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Food industry, branding experts unroll Chipotle’s recent burrito of trouble

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A sign saying "we hope to be opening soon" is pictured outside a new Chipotle Mexican Grill location.

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It’s been a rough couple of months for Chipotle.

The popular chain restaurant slinging burritos made with fresh, locally grown ingredients has seen sales slump and stock prices dive in the wake of an E. coli outbreak that has seen caused several stores to temporarily close.

The company, which was trading for $760 a share at its highest in 2015, is down to about $553 a share. So far 52 people in nine states have been sickened because of the outbreak, and Chipotle has yet to put its finger on what caused it.

The issue at hand stems partially from the business model that has won Chipotle the praise of burrito-lovers nationwide. Chipotle sources fresh vegetables and antibiotic-free beef and chicken from local suppliers and cooks those ingredients in a traditional manner instead of using automation like many chain restaurants.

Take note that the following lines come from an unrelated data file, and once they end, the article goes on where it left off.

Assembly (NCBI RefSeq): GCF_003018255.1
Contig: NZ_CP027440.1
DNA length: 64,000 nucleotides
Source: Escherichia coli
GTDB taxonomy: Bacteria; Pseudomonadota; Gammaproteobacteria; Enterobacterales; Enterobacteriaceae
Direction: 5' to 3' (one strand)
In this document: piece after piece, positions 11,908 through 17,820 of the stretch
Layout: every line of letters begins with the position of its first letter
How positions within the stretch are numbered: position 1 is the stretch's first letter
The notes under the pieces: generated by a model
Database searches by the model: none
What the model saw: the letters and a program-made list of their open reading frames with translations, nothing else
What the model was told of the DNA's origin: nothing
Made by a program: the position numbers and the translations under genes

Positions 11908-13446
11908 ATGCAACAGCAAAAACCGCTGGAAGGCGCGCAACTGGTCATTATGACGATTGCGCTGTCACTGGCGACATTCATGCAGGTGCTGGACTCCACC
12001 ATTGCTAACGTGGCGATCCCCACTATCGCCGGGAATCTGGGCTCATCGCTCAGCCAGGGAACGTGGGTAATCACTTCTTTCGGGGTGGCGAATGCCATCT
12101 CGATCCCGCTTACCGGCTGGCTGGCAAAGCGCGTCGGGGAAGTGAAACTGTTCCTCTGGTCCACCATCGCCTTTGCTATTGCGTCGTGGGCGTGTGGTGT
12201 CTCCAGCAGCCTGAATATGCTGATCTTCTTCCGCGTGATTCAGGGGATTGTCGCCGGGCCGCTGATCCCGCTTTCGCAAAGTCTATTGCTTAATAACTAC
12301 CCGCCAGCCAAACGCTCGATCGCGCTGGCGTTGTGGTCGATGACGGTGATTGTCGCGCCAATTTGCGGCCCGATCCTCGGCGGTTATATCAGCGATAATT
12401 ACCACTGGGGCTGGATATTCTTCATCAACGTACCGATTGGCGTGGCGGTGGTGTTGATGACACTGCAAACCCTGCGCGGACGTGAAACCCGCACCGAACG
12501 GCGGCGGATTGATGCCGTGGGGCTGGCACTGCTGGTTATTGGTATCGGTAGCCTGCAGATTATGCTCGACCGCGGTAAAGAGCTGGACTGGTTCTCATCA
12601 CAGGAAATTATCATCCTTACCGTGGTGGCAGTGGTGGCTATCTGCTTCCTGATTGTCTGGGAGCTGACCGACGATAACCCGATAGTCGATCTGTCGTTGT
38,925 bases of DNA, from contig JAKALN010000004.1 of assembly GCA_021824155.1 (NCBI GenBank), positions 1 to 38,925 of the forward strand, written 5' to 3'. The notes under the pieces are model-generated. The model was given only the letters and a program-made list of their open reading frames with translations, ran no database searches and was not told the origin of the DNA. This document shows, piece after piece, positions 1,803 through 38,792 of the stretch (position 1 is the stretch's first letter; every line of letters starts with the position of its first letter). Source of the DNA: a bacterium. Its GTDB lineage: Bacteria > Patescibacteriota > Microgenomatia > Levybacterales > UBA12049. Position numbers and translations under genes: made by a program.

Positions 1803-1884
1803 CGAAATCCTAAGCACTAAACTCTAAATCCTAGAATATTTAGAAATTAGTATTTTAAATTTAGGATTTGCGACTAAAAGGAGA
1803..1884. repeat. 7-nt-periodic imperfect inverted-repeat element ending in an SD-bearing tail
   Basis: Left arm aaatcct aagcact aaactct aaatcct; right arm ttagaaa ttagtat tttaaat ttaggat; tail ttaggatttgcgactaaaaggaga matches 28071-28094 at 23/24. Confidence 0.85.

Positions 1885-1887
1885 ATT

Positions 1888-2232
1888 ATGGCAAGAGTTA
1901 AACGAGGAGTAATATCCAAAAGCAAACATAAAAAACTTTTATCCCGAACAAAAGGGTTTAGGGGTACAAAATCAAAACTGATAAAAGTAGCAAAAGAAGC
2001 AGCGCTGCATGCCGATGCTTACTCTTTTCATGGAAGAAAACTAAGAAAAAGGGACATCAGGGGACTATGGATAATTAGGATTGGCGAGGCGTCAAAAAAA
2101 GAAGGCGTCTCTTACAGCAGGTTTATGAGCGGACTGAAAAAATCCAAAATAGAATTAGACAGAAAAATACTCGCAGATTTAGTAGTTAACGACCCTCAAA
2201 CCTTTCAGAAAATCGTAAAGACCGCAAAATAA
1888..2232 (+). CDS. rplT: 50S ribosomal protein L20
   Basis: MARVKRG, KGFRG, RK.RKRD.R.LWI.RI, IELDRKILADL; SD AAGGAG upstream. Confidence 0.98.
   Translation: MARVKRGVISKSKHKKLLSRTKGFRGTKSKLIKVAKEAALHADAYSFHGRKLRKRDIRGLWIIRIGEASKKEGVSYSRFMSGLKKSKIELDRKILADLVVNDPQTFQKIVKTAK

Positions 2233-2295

What customers potentially gain in freshness and farm-to-table quality, they could potentially lose in terms of safety, as many of the automated procedures that restaurants who make food en-masse normally use are not only for speeding up productivity, but also for keeping food safe from contamination.

Chipotle has tightened its supplier standards since the E. coli outbreak began, but some experts say the damage has already been done, and what remains to be seen is how well Chipotle does damage control and attempts to restore customers’ trust.

Do you still eat at Chipotle? Has the E. coli outbreak changed your opinion of Chipotle or its business model? In today’s world, can a company can produce food in mass quantities while continuing to source ingredients from local farmers and suppliers?


Craig Giammona, restaurant and food reporter at Bloomberg Business

Chris Muller, Professor of the Practice at the Boston University School of Hospitality administration and an expert on restaurant and brand management